These posts are the opinions of the writers and do not necessarily reflect the views of A+ Colorado.

Honor and Say “Thank You” to Our Teachers


Guest Blogger: Richard D. Lamm, Governor of Colorado 1975-1987

Let me suggest that there is a single thing you can do in your new role to improve education in Colorado, that won’t cost much money, doesn’t require legislative approval and is not controversial. It is also simple: find ways to say “Thank You” to teachers and other educators. Let them know how valuable they are to you and to America’s future.

A motivated workforce is a successful workforce. If you are running a business or small organization, it is relatively easy to build a team and let people know you appreciate and value their work. But the larger an organization or business the more difficult it is to say “Thank You” and “Good job!” I thought a lot about how to say thank you to Colorado’s teachers and public employees. Both groups are composed of a large number of employees who too often labor below the radar but are of immense value to our society.

Napoleon, who had no trouble losing 50,000 soldiers in a single battle, once said “I can make men die for little pieces of ribbon. Cynical but true. From Purple Hearts to Medals of Honor, the military finds way to recognize sacrifices and good service.

I believe that teachers are the single most important profession in America. We don’t lack lawyers or MBAs and those professions are in no way as important to our future as our teachers. The nation that is second best in education, will soon be second best (or worst) economically. Teachers hold the future of our nation in their hands and in their classrooms. They spend long hours in school then additional long hours at home preparing lesson plans and grading homework and preparing lesson plans. It is the definition of a “thankless” task, long hours, hard work, little recognition.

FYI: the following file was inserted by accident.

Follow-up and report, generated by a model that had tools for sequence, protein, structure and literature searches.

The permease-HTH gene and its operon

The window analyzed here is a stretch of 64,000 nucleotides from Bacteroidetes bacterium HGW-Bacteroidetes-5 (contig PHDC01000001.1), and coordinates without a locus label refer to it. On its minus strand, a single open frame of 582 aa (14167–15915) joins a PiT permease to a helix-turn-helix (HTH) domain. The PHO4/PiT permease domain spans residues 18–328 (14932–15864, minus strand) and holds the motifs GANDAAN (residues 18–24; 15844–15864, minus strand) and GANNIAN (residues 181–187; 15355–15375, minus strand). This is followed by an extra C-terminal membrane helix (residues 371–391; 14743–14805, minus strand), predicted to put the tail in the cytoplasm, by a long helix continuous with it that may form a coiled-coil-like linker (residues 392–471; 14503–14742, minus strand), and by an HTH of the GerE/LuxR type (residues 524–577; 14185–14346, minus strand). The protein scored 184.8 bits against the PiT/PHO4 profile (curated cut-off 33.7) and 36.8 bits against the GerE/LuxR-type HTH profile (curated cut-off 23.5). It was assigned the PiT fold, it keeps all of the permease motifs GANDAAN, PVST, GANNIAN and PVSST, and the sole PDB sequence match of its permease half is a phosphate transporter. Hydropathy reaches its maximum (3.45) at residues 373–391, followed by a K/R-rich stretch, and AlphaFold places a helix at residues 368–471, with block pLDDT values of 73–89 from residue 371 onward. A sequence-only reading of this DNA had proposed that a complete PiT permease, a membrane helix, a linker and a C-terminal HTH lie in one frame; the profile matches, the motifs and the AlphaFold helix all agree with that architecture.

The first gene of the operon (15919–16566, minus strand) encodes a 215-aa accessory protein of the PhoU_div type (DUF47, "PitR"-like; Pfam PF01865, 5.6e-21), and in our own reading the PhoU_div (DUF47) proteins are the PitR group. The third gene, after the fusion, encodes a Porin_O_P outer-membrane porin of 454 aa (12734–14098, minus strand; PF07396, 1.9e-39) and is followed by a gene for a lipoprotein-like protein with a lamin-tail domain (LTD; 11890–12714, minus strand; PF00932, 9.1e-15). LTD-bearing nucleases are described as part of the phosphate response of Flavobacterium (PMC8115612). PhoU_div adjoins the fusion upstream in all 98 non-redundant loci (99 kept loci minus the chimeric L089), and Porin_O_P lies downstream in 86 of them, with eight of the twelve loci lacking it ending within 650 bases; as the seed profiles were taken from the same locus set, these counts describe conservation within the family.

Let’s raise the status and visibility of our teachers! Let’s better let them know how important they are to America. In addition to the Teacher of the Year, which already exists, you could hold a small reception in the Governor’s Mansion to honor an exceptional teacher every month. Invite all the teachers in his/her school. You have not a budget for such a project, but use the power of your office to get one or more service clubs to fund a two hour coffee reception six to ten times a year. I was slow in learning the power of inviting people to the Governor’s mansion. Like Napoleon’s Ribbons an invitation to the mansion is simple, inexpensive and symbolic.

A motivated workforce is an organizations most valuable asset. A “esprit de corps” where people know that they are an indispensable link in America’s future and that society honors their work. Low cost, high impact, overdue.